The Coast Guard and environmental agencies spent much of this week dealing with the aftermath of a 31,000 gal. spill of dielectric fluid from a New York City power station into the East River.

A safety zone along the Brooklyn side of the river shut out paddlers and recreational boaters, and forced speed limit delays on commercial traffic, including the new NYC Ferry public service. The speed limits were still causing delays and inconvenience for riders in the Friday evening rush. But overall the spill did not seriously hamper operations, said Terry MacRae, president of Hornblower Cruises and Events, the parent company of operator NYC Ferry by Hornblower. 

Booms and skimming vessels managed to recover 530 gal. from East River waters near the ConEdison Farragut substation in Brooklyn, where the spill was traced to a 37,000 gal. transformer that released into a containment area. The containment area caught at least 6,300 gal. that were recovered, spilling an unknown amount into the water, according to the Coast Guard and ConEd officials.

But more than 5,000 gal. may have entered the river and the Buttermilk Channel, Coast Guard officials said. At mid-week shoreline assessments were still being conducted, and the Coast Guard and New York Police Department coordinated helicopter overflights to search for pollution.

Water samples from the spill area showed trace levels of polychlorinated biphenyls (PCBs), a known cancer-causing group of industrial chemicals that were widely used in transformers, capacitors and other heavy electrical equipment before they were banned in 1977. PCBs are a longstanding pollution problem in the harbor and Hudson River, and public health advisories still caution about eating striped bass and other fish.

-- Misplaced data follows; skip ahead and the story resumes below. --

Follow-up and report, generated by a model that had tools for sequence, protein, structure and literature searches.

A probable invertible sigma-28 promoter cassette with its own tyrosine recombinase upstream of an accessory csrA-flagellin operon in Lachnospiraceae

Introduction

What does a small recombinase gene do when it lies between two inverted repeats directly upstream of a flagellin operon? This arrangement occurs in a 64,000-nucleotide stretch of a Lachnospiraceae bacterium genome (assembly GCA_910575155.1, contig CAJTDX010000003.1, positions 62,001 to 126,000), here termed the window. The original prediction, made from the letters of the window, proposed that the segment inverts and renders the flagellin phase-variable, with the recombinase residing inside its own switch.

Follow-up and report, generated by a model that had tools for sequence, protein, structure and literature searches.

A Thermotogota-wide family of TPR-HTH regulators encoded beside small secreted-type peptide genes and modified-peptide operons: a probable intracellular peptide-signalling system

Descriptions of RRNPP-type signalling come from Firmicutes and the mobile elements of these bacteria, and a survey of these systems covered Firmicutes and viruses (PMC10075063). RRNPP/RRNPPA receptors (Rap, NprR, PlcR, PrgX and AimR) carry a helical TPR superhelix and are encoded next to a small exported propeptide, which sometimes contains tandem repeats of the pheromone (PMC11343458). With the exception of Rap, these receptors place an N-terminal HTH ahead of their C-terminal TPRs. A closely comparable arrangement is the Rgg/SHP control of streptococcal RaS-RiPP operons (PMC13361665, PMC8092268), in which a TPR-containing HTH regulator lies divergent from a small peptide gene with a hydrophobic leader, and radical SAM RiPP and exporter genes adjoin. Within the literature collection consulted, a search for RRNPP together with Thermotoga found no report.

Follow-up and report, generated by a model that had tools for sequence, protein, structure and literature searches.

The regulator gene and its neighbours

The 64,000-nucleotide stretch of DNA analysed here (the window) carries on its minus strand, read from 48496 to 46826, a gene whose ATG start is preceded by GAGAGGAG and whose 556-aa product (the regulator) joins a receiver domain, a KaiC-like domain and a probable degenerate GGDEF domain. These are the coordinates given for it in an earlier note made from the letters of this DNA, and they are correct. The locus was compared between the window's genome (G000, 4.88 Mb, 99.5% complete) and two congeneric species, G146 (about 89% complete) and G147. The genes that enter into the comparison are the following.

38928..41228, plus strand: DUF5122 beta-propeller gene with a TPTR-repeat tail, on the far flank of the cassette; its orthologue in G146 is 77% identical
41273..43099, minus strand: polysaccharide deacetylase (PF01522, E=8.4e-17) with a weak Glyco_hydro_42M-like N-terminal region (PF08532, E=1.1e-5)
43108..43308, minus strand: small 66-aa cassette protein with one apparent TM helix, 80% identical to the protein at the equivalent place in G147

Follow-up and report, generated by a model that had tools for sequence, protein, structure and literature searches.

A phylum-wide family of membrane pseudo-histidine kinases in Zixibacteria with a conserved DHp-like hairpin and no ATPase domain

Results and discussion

With heavy rain predicted for Saturday, ConEd planned to cover the spill containment area with tarps to control runoff and deploy vacuum trucks on land and skimmer boats in the river.

ConEd officials said the dielectric fluid – a light mineral oil used to cool transformers — escaped during a failure at 12:23 p.m. May 7. That also caused a voltage dip in the grid that affected the city subway signaling system, disrupting Sunday train service — another insult to rail riders who have suffered weeks of disruption.

The subway travails have been eclipsed somewhat by local media coverage of the NYC Ferry debut. City officials say the startup – offering rides for $2.75, the same as a subway fare – attracted 52,000 riders in the first week of operation.

Contributing Editor Kirk Moore was a reporter for the Asbury Park Press for over 30 years before joining WorkBoat in 2015. He wrote several award-winning stories on marine, environmental, coastal and military issues that helped drive federal and state government policy changes. He has also been an editor for WorkBoat’s sister publication, National Fisherman, for over 25 years. Moore was awarded the Online News Association 2011 Knight Award for Public Service for the “Barnegat Bay Under Stress,” 2010 series that led to the New Jersey state government’s restoration plan. He lives in West Creek, N.J.